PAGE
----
OECD technical guidance for implementation of the global minimum tax

The Agreed Administrative Guidance for the Pillar Two GloBE Rules was published by the OECD on 2 February 2023.

Guidance published on 2 February 2023

On 2 February 2023, the OECD/G20 Inclusive Framework on BEPS released technical guidance to assist governments with implementation of the Pillar Two global anti-base erosion (GloBE) rules, which will ensure multinational enterprises (MNEs) with revenues above €750 million will be subject to a 15 percent effective minimum tax rate. Critical to the effectiveness of Pillar Two is tax certainty and simplicity of administration. To this end, the OECD has published its first Administrative Guidance addressing a wide range of concerns identified by stakeholders as posing a risk to the effective implementation of the new rules. The Guidance here is welcome, as is the OECD’s commitment to considering further Guidance as additional issues are identified. Other implementation items are currently subject to consultation and are expected to complement this Guidance when finalised.

The new Guidance forms part of the OECD’s implementation framework for the GloBE rules, alongside the Pillar Two implementation package published in December 2022. The OECD intends to incorporate the examples into a new version of the official Commentary to the GloBE Model Rules originally issued in March 2022. Together with the December 2022 publication of the guidance on safe harbours and penalty relief, as well as the public consultation document on the GloBE information return and public consultation document on tax certainty for the GloBE rules, the Guidance is notable in that it finalises the implementation framework as set out in the October 2021 Statement on the Two-Pillar Solution to Address the Tax Challenges Arising from the Digitalisation of the Economy.

The new Guidance covers a variety of specific circumstances generally not foreseen or discussed in detail at the time the original Model Rules, as well as Commentary and Examples, were published in March 2022. The Guidance includes clarification on the scope of definitions determining which entities and groups are covered by the rules, including guidance for rebasing thresholds where these are denominated by local law in currencies other than Euros, the reference currency for the Model Rules. The Guidance also addresses stakeholder feedback on various technical issues, such as the collection of top-up tax in a jurisdiction in a period where the jurisdiction has no GloBE income, and the treatment of debt releases and certain tax credit equity structures.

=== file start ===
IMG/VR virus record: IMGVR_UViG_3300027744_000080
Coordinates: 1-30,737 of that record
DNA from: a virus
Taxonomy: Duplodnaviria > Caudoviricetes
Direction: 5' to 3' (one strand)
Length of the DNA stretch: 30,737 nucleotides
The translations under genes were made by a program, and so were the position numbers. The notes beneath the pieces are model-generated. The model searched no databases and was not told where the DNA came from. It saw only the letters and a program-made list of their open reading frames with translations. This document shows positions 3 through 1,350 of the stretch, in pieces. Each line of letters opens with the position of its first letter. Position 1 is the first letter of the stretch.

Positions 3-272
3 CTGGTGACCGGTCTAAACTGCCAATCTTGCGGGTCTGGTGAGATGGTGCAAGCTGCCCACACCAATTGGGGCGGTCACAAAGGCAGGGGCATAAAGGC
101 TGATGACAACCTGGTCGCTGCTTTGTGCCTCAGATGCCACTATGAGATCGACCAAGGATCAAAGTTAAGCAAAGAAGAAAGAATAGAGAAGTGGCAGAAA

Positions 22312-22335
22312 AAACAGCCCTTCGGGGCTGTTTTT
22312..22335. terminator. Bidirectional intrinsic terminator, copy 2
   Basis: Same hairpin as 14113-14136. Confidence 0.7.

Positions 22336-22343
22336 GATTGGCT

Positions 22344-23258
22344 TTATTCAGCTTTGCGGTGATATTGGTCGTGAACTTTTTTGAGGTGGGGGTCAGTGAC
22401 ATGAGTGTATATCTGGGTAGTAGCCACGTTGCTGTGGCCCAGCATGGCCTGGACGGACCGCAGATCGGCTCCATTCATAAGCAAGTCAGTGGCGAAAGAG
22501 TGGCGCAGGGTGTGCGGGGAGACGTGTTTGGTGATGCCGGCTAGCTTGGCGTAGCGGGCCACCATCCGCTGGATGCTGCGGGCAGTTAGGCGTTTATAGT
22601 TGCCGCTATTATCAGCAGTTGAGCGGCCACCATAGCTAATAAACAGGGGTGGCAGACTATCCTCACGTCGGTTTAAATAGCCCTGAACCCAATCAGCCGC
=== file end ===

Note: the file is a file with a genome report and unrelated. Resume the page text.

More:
An area of significant complexity has been the computation of GloBE Income and Covered Taxes, necessary for determination of the jurisdictional effective tax rate (ETR), the reference against which a liability to Top-up Tax is assessed. The treatment of certain investments and distributions, the associated taxes, and carried forward items is clarified. Notably, the OECD / G20 Inclusive Framework (IF) has agreed a simplified approach to integrating the US Global Intangible Low-Taxed Income (GILTI) rules with the GloBE rules. This is an area for which guidance has been eagerly awaited by affected groups and will now be welcome.

There is considerable further guidance on the Article 9 Transitional Rules, especially relating to:

  • The treatment of pre-transition deferred tax assets relating to tax credits; and
  • Intra-group transfers of assets between 30 November 2021 and transition as per Article 9.1.3., confirming that ‘transfer of assets’ has a broad interpretation and providing further guidance on how 9.1.3 is intended to work.

A new five year election has been made available to include all dividends from Portfolio Shareholdings in GloBE income, regardless of whether those are short-term or have been held for more than one year. Whilst aimed at insurers, it is available to all, and is made on a Constituent Entity by Constituent Entity basis. The impact may vary depending on whether such dividends have been exempted or subjected to tax. There is a specific chapter on insurance and investment funds. This includes the election for dividends on portfolio shareholdings, a widening of elections available to insurers with respect to their Investment Funds, rules on mutual insurers, and extending the deduction from GloBE income for distributions on Restricted Tier One Capital to insurers.

Finally, there are some additional explanations for deferred tax on transition into the regime and on the interaction of the GloBE rules with Qualified Domestic Minimum Top-up Taxes, which are expected to be introduced by many regimes to ensure that they receive the benefit locally of any additional tax payable by groups with ETRs below 15 percent.

Overall the Guidance amounts to around 100 pages of additional support for businesses, tax administrations and advisers seeking clarity over the application of the GloBE rules to their individual situations. The IF will continue to release further agreed administrative guidance, to ensure that the GloBE rules continue to be implemented and applied in a coordinated manner.

The GloBE regime represents a radical departure from the existing framework for international tax and it will be important to monitor how domestic implementation in the UK and globally tracks over coming months as part of impacted groups’ readiness approach.